There is no indisputable confirmation on exactly why dogs suffer from separation anxiety. More shelter dogs or puppies fostered by families get this disorder. Also, losing an important person or group of caretakers can generate separation anxiety once he arrives at his forever home. However, other changes of smaller magnitude can lead to this disorder. Following are some of those causes.
Abandonment. Being abandoned or given up to a shelter or being handed over to a new caretaker can trigger a puppy to develop separation anxiety.
Schedule Change. An abrupt change in schedule in terms of when or how long a dog is left alone can trigger the development of separation anxiety. For example, if you have been working out of your house, but then get a job outside the home for six hours or longer, your dog could get separation anxiety due to the sudden change.
Change in Residence. Getting settled into a new house can be daunting for canines and humans alike and can trigger the onset of separation anxiety in your puppy.
Change in Family Members. The sudden departure of a family member due to death, divorce or other circumstance often results in separation anxiety.
REAL VS SIMULATED SEPARATION ANXIETY
In addition to suffering from this condition, your dog can learn the behaviors that typically point to this disorder, but are generated by different feelings for a different outcome. In this case, the issue is a learned behavior.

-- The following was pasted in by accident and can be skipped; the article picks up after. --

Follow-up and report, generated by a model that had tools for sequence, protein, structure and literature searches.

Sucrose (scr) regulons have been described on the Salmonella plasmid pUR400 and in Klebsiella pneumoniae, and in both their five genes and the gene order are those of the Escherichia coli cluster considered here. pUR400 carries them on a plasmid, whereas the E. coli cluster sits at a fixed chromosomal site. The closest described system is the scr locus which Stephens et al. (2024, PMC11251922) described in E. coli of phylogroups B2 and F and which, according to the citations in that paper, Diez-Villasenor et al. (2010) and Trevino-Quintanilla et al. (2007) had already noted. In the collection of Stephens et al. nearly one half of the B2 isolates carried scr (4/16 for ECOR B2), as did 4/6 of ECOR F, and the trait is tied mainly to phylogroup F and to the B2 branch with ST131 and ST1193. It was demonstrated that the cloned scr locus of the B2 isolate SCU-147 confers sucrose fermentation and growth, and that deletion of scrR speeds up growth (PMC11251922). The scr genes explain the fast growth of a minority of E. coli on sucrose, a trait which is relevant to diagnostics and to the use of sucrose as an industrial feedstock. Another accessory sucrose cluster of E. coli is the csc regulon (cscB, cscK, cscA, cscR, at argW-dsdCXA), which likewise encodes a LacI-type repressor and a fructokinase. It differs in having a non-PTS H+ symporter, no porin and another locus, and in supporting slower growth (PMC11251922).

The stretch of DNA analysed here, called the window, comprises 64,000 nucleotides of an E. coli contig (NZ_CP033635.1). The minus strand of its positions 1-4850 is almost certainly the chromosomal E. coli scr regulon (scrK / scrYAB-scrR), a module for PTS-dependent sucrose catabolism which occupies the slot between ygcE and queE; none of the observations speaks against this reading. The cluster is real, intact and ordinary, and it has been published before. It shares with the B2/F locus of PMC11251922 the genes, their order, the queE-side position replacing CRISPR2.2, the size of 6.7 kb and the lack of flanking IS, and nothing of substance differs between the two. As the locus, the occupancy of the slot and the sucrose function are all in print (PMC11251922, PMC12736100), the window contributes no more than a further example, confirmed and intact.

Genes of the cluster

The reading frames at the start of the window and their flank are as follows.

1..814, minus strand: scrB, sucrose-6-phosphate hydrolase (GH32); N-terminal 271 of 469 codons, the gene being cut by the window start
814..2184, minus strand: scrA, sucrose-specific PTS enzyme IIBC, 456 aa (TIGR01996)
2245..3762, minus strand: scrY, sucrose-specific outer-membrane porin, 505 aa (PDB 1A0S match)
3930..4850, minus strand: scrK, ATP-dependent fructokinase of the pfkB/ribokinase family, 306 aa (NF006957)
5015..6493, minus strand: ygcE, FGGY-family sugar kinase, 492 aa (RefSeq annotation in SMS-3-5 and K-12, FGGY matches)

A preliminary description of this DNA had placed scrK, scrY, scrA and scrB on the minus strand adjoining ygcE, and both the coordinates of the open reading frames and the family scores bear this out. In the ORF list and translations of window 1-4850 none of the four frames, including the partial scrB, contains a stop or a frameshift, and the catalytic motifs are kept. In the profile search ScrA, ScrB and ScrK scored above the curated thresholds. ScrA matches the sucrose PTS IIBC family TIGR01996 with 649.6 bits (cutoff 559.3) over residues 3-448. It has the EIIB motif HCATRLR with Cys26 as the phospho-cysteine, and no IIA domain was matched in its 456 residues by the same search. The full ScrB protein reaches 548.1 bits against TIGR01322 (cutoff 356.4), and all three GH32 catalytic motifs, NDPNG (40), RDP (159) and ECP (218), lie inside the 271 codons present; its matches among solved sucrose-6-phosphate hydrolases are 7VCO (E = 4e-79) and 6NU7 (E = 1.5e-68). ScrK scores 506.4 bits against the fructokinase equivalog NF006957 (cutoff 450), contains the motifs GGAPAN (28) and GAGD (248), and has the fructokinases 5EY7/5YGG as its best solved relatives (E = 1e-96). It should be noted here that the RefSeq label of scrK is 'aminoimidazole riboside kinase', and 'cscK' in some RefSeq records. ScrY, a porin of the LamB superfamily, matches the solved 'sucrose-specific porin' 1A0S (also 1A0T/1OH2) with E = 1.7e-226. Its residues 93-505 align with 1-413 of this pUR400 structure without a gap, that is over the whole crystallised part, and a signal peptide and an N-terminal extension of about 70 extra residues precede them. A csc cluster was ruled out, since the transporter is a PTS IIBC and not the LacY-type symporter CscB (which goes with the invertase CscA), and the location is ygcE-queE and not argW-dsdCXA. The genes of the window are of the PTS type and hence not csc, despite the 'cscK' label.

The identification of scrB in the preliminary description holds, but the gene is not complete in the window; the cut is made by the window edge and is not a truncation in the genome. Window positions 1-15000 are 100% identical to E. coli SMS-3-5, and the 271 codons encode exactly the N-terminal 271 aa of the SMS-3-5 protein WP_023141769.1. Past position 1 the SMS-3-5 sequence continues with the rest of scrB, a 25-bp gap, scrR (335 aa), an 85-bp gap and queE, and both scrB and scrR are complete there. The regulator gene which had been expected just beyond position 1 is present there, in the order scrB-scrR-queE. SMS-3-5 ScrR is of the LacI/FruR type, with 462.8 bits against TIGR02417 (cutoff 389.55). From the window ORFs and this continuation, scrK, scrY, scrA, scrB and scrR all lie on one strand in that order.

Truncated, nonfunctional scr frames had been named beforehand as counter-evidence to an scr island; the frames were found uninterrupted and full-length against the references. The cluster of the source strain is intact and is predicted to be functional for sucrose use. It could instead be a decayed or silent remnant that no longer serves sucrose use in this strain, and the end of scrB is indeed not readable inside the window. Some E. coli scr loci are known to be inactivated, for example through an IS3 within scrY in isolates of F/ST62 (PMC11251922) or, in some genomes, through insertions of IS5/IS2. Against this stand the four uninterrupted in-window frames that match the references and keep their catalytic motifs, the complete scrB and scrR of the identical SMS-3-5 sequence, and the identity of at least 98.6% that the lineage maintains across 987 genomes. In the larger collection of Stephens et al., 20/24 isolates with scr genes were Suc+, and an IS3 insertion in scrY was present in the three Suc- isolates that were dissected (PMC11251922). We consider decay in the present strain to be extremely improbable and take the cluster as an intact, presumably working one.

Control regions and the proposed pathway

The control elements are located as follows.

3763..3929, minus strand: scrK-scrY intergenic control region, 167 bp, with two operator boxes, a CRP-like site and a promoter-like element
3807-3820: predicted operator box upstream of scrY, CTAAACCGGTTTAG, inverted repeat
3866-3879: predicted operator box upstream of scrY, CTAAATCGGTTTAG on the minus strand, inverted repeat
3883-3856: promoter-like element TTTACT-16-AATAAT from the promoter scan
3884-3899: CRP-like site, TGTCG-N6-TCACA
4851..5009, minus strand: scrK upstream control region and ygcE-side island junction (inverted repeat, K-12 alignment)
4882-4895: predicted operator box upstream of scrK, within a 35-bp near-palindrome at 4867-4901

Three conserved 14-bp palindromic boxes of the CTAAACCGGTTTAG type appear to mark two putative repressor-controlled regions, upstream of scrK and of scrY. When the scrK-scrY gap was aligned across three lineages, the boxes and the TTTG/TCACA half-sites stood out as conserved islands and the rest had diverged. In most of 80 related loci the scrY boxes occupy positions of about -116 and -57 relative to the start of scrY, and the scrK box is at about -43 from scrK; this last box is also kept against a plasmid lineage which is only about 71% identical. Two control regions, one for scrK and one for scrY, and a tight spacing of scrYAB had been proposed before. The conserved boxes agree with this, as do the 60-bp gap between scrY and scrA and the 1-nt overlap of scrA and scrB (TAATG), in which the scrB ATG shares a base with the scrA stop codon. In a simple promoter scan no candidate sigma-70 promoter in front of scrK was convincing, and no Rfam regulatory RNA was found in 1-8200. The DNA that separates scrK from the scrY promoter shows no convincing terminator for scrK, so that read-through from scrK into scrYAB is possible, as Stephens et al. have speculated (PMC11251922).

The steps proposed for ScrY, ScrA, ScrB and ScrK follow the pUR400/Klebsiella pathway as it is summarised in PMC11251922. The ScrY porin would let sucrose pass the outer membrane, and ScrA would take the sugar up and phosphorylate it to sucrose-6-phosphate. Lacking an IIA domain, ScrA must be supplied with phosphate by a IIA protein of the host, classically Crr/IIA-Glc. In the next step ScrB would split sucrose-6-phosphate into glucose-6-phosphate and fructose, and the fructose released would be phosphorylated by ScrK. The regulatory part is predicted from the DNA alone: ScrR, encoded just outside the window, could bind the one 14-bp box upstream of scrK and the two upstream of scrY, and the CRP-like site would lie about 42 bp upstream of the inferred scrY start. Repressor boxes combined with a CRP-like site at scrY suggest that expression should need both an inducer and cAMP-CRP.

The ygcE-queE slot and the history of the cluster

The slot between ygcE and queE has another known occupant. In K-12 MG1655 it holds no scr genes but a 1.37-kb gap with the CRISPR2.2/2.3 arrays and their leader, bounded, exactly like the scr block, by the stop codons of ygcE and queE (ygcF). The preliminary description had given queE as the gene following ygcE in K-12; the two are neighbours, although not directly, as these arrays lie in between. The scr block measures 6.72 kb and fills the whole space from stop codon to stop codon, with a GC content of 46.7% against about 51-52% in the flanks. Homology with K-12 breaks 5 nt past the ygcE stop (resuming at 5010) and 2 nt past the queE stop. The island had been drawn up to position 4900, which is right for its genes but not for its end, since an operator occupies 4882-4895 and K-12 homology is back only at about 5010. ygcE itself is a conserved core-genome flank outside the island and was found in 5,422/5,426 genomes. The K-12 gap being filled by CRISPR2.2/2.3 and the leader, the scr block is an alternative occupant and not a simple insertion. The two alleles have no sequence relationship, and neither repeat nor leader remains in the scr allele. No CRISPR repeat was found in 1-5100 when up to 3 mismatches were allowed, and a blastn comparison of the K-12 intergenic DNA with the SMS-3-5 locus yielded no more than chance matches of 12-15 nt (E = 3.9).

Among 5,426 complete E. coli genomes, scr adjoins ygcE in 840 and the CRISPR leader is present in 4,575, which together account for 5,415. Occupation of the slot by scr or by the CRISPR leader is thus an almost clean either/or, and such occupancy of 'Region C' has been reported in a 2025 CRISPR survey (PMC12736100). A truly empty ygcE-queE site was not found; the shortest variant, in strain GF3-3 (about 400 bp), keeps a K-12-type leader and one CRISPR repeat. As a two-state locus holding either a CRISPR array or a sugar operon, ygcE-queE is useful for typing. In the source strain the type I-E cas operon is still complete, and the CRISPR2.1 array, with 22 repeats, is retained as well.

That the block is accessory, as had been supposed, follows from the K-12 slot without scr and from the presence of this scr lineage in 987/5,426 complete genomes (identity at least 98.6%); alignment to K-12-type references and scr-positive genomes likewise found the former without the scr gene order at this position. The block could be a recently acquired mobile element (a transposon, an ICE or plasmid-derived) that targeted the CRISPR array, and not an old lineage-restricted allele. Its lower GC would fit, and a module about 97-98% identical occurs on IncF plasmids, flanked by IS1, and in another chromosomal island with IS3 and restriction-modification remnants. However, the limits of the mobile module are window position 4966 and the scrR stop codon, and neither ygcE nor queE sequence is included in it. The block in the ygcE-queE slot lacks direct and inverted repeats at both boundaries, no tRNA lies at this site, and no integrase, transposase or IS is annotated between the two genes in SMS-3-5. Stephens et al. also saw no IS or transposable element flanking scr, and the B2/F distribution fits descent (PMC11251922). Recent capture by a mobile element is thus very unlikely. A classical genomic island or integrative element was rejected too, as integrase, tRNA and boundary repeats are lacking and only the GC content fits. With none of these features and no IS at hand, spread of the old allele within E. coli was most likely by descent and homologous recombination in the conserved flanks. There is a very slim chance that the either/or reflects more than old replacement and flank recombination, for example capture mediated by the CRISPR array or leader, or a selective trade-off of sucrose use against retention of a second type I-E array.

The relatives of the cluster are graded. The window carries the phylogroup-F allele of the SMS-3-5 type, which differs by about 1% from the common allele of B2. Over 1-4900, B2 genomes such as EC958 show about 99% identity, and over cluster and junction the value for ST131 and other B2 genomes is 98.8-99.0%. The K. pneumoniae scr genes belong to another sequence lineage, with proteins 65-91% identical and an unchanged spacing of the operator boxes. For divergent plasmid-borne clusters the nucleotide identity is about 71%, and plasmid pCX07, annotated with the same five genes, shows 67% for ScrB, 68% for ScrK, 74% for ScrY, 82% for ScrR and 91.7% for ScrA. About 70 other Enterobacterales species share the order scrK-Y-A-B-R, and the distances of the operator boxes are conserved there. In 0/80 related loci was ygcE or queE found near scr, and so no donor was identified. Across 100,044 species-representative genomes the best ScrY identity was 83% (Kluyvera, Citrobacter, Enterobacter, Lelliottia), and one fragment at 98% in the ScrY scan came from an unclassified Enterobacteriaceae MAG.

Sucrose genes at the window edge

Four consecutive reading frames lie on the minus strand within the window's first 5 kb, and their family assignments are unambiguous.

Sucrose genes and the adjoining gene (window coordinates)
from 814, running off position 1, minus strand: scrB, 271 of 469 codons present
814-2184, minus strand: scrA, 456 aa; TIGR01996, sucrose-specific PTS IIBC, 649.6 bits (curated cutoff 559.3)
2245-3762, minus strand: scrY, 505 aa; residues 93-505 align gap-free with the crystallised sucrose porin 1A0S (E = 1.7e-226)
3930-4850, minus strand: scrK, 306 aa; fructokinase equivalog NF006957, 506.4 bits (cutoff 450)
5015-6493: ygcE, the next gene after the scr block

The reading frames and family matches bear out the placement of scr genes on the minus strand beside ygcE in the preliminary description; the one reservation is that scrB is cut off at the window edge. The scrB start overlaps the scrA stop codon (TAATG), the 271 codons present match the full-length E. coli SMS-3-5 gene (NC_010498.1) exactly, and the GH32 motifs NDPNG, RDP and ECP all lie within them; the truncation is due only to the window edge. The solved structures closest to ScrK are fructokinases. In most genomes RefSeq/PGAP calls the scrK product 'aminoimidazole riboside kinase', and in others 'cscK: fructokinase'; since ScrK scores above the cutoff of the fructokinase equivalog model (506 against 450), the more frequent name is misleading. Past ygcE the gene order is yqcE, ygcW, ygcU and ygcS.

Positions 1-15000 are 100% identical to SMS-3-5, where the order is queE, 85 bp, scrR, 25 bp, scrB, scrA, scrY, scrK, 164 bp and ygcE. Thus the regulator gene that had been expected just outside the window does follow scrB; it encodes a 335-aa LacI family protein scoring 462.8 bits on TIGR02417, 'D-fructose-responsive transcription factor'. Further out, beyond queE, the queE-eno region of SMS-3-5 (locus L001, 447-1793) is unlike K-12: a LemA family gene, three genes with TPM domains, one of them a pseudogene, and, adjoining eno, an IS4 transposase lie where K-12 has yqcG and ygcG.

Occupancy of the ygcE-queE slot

Simulated separation anxiety is often manifested in a dog with no established leader. Actual separation anxiety, however, is the result of real stress directly caused by the absence of an owner.
In simulated separation anxiety, your dog will do anything to get your attention, even if it is negative.
If the dog is using simulated separation anxiety, this can be corrected by gradually increasing the time spent in alone along with obedience training techniques, adequate exercise and strong leadership.
TREATING SEPARATION ANXIETY
Show empathy to a sensitive pup suffering from this; your dog is not acting spitefully. Do not use isolation as a punishment for these behaviors, as this will exacerbate the issue. Punishing a dog with this disorder is likely just going to feed into the cycle, as these puppies crave attention of any kind.
Redirect the dog’s behavior. Give them a toy or treat in the crate before you go to work. Make this a loving and relaxing time to ease the transition and condition the dog to enjoy the process. Feed your dog before you leave since a full belly can be relaxing.
Keep the separation as low-key as possible. Try to convey comforting body language that lets your dog know this isn’t a big deal. He will eventually display less severe symptoms and calm down.
If you have the means, consider a pet sitter or doggie day care service so your dog won’t be alone, at least while you are trying to reduce separation anxiety.
If you teach your dog that your departure and arrival are not the events to build the day around, the separation anxiety will gradually subside. A certified behaviorist will teach you how to reinforce appropriate behaviors. With your patience and love, many dogs can learn to overcome fear. In some cases, these dogs may need the help of your veterinarian who can rule out medical conditions leading to anxiety and, if needed, prescribe behavior modifying medications.